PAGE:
While you may not have ever experienced this exact scenario, chances are you have encountered a similar experience. One where things went great so long as they were working for both you and the seller. But once you needed something above and beyond, outside of the norm, the experience soured.

For many businesses, regardless of industry, there is a disconnect between the time when the interaction goes smoothly and when it crashes. There are two mains reasons for this.

The first one is pretty straightforward. Most companies have a great deal of difficulty seeing things from the perspective of their customers. Policies are created to protect the business from losing money, using too many resources, or being inconvenienced. When instead policies should be focused on creating opportunities to strengthen the customer relationship. 

This comes down to a core management philosophy that starts at the top. In our story, it’s very possible the staff member may not have agreed with the policy of no refund or exchange, but did not have the authority to change it. But from the customer’s perspective, it’s irrelevant as the outcome is still the same.

The second reason, which is more broad, is the result of misinformation. Over the last number of years, the terms customer experience and customer service have been used to mean a number of different things. In some cases they have been used interchangeably in the same sentence. And this has led many business owners to believe they are providing a great customer experience simply by being friendly and courteous. This is not the case.

The problem is that many consultants and marketers take the term customer service literally, as in how you SERVE the CUSTOMER. If you provide a high level of service much like the staff member in our story did, then it is believed that excellent customer service was provided. Thus resulting in a great customer experience.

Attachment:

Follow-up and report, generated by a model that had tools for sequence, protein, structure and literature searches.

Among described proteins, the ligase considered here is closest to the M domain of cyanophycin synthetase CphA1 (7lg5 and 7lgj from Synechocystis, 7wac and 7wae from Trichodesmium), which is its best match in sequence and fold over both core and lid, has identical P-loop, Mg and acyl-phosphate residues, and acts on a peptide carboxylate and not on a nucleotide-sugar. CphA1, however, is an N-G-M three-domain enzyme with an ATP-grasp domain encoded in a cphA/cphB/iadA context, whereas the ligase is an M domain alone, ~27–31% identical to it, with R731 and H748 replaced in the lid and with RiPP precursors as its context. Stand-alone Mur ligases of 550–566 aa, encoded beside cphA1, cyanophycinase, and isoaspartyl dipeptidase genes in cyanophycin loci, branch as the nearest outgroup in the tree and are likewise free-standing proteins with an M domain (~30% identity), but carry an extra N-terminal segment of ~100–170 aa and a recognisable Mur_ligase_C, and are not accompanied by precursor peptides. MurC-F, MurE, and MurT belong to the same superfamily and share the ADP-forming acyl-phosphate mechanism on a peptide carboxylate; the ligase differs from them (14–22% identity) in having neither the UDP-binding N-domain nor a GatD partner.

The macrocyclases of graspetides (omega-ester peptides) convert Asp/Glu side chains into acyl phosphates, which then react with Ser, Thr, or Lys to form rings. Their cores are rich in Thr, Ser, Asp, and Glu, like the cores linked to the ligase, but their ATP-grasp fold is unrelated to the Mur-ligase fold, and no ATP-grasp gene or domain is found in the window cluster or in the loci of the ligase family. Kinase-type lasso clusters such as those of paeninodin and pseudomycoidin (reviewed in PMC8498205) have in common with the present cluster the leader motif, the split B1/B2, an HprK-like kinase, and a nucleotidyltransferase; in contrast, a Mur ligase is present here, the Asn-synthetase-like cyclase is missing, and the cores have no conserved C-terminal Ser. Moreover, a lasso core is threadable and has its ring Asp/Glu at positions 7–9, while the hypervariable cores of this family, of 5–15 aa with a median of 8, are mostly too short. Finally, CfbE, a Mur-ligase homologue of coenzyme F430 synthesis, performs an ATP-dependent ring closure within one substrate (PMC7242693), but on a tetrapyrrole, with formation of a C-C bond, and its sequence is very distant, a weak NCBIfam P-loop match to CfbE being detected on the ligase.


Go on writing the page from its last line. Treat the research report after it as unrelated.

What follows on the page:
But the fact is that customer service is not about general service. It never has been. The term customer service began in the 1950’s when many companies realized that unhappy customers who were converted into happy customers tended to be more loyal and provide positive word of mouth. So customer service departments were established. These often took different forms, many still in use today. Manufacturers of consumer products often have a toll free number on their packaging or manuals for “questions and comments”. Today, more than 60 years later, many retailers still have a customer service counter. It’s the place you go to return an item or to ask questions about a product you already own.

What customer service departments have in common, regardless of the industry or the form they take, is that it’s where you go when you have a problem. You do not reach out to customer service for any other reason. You have a problem that resulted from a product, service, or interaction with the company and need help fixing it. How the company responds to your query decides the effectiveness of their customer service.

Customer experience is the emotional result that encompasses every interaction you have with a company. From visiting their website and browsing their store, to the purchasing process and post sales service, all of these things added together influence your experience. And each single interaction has the ability to reinforce or change that experience. Customer service is one of these interactions.